European markets have opened mixed, with the FTSE 100 outperforming while the DAX in Germany is lagging. Shares in packaging company Smurfit Kappa Group (LSE:SKG)a are trading at the bottom of the UK blue-chip index and are on track for their biggest one-day drop since October 2008. This follows its merger deal with WestRock to create a 20-billion-euro global packaging behemoth.
Germany’s wholesale prices fell for a fifth consecutive month driven by a drop in petroleum products. Oil prices are staging gains with Brent crude trading above $90/bbl ahead of OPEC’s monthly report release today.
Arm’s hotly anticipated IPO is reportedly oversubscribed, meaning that its order book could close today, earlier than planned. It is expected to fetch a valuation of around $54.5 billion after filing its IPO at $47 to $51 a share.
The UK unemployment rate rose to 4.3% in the May-July quarter, the highest level since Q3 2021. The number of job vacancies in June to August fell to 989,000, down by 64,000 on the previous three months.
Regular pay excluding bonuses increased to 7.8% in the three months to July, the highest since records began in 2001. With inflation coming down, this means that real pay growth is finally back in positive territory.
Today’s labour market data is a mixed bag. On the one hand, the unemployment rate ticked up while employment and job vacancies dropped, highlighting how the strained macroeconomic backdrop, with elevated inflation and rising interest rates, is taking its toll on the jobs market. Businesses continue to express caution when it comes to their hiring plans, pushing job vacancies below a million for the first time since the pandemic. Industrial action in health and education resulted in a jump in lost working days in July. Plus, there was an increase in the number of people leaving the labour market as students pursue higher education instead and with an increased number of people suffering with long-term sickness.
On the other hand, regular pay growth of 7.8% is outstripping inflation, providing a boost to workers’ real-terms earnings which helps to make goods and services more affordable and provides a boost to living standards for many.
While increased slack in the labour market through a higher unemployment rate supports the Bank of England in its attempt to bring down inflation, ongoing wage pressures raise the risk of second round inflationary effects if businesses pass on these additional cost pressures to consumers in terms of higher prices. The central bank remains widely expected to carry out another rate hike next week with inflation cooling but still stuck more than three times higher than the 2% target.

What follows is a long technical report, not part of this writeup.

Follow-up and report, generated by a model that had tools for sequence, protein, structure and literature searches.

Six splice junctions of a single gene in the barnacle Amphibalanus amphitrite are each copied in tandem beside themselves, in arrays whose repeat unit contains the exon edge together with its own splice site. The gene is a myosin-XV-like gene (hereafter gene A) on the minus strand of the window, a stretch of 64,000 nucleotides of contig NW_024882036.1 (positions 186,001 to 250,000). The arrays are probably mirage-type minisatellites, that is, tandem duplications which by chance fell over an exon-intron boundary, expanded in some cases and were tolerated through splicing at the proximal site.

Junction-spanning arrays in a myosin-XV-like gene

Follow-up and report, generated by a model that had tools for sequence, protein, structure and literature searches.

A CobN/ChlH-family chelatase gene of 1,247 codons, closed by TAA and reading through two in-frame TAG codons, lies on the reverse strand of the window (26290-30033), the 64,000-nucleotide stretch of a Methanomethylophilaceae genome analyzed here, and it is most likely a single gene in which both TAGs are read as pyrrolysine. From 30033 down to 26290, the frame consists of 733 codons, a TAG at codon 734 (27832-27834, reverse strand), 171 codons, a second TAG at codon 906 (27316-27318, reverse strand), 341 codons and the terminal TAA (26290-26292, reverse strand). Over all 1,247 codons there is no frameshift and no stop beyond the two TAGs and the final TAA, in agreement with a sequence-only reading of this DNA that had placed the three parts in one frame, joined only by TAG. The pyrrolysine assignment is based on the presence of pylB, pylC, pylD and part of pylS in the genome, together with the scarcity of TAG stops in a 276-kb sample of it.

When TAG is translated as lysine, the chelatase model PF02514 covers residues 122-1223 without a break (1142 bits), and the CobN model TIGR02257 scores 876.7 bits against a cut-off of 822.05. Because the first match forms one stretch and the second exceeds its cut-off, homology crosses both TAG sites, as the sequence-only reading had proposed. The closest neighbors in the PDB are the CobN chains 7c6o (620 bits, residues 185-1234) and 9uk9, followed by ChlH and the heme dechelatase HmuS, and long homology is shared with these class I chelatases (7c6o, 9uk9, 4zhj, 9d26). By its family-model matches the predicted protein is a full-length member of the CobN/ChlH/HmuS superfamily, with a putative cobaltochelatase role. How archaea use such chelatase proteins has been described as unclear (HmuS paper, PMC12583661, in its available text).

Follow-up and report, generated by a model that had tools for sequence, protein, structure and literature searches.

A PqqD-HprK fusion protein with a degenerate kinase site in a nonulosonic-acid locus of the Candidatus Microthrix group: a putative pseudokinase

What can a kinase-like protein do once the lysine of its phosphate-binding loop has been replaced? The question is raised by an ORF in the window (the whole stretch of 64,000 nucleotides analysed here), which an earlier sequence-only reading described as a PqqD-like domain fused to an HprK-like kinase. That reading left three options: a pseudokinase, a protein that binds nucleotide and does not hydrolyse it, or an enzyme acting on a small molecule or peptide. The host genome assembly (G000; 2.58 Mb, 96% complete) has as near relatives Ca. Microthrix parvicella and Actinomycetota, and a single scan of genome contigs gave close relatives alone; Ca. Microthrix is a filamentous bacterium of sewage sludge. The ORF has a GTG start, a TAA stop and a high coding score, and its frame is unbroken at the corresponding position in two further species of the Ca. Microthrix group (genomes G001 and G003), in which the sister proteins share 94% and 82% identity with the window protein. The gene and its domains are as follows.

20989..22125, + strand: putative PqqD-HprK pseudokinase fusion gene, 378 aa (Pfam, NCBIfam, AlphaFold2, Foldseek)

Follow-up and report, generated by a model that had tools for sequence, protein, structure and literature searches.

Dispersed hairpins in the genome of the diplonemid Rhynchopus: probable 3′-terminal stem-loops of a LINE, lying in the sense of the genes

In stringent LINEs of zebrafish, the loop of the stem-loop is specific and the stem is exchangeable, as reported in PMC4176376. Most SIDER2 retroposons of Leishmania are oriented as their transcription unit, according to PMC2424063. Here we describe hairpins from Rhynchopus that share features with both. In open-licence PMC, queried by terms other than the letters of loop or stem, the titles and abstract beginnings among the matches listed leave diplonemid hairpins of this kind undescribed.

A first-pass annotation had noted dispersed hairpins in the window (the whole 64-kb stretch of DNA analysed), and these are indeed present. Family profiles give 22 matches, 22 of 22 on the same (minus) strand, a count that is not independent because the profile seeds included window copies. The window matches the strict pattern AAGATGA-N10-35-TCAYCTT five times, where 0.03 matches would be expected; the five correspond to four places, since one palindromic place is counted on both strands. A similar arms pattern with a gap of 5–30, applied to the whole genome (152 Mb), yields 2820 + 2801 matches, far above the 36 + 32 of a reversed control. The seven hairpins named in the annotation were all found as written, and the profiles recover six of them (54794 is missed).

Fevertree Drinks (LSE:FEVR) cut its annual profit forecast – it now expects core profit to reach £30-£36 million in 2023, down from its prior guidance for £36-£42 million. Meanwhile, it reported a 54% slump in first half adjusted core profit which hit £10.2 million, versus £22 million a year ago.
Fevertree already had a tough time last year as the war in Ukraine sent costs sharply higher, resulting in profit warnings and a sharp slide in its share price. This year, the stock has been attempting to regain ground, although today’s profit downgrade is weighing on the stock again. Inflated glass manufacturing costs coupled with a weak supply of glass bottles have prompted Fevertree to up its prices in an attempt to preserve margins. While this helped to support revenues, cost pressures have prevented this from filtering down into a stronger bottom-line performance.
The GMB union said 400 Wilko branches will shut by early next month, with the potential for 12,500 job losses at the retail chain. It comes after discussions with HMV’s owner Doug Putman fell through because of the high costs of running the business as well as issues with Wilko’s supply chain.
Wilko is the latest victim of the demise of the high street. Pressures from inflation, a softening consumer, stiff competition from rivals like B&M and Poundland as well as the rise of e-commerce have created a perfect storm for the retailer. Sadly, it has become commonplace to see boarded up shops and short tenants on high streets up and down the country.
The current pressures on retail have unforgivingly separated the winners from the losers. Some brands have managed to successfully navigate the uncertainty such as Marks & Spencer Group (LSE:MKS) and Next (LSE:NXT) which have both recently raised their earnings outlook. Others like Wilko have suffered a much more painful outcome.
Apple Inc (NASDAQ:AAPL)’s hotly anticipated product launch event today is expected to reveal new iPhone 15 models and Apple Watch products. New smartphones are likely to have slight improvements in terms of their chip and camera functionalities. A new USB-C charging port is also expected to be part of its fresh line up in order to comply with European regulations.
However, the launch has been overshadowed by recent developments in China following reports that Beijing is clamping down on the use of iPhones among government officials there, as the US-Sino tensions intensify with technology becoming a key battleground. Shares in Apple were under pressure last week, weighing on its suppliers like Qualcomm too. But shares in Qualcomm rebounded on Monday following the announcement of a deal with Apple to supply 5G chips through to 2026.
Despite the recent uncertainty, Apple remains a standout stock market winner this year, rebounding from last year’s ‘tech wreck’ which heavily punished the sector. While Apple’s services revenue has been improving, iPhone demand has suffered amid a softening consumer and a lengthening product upgrade cycle. Plus there are wider concerns about whether the first half rally could wane during the final months of the year as a cocktail of headwinds spark nervousness towards growth stocks and risk-on assets more broadly across markets.
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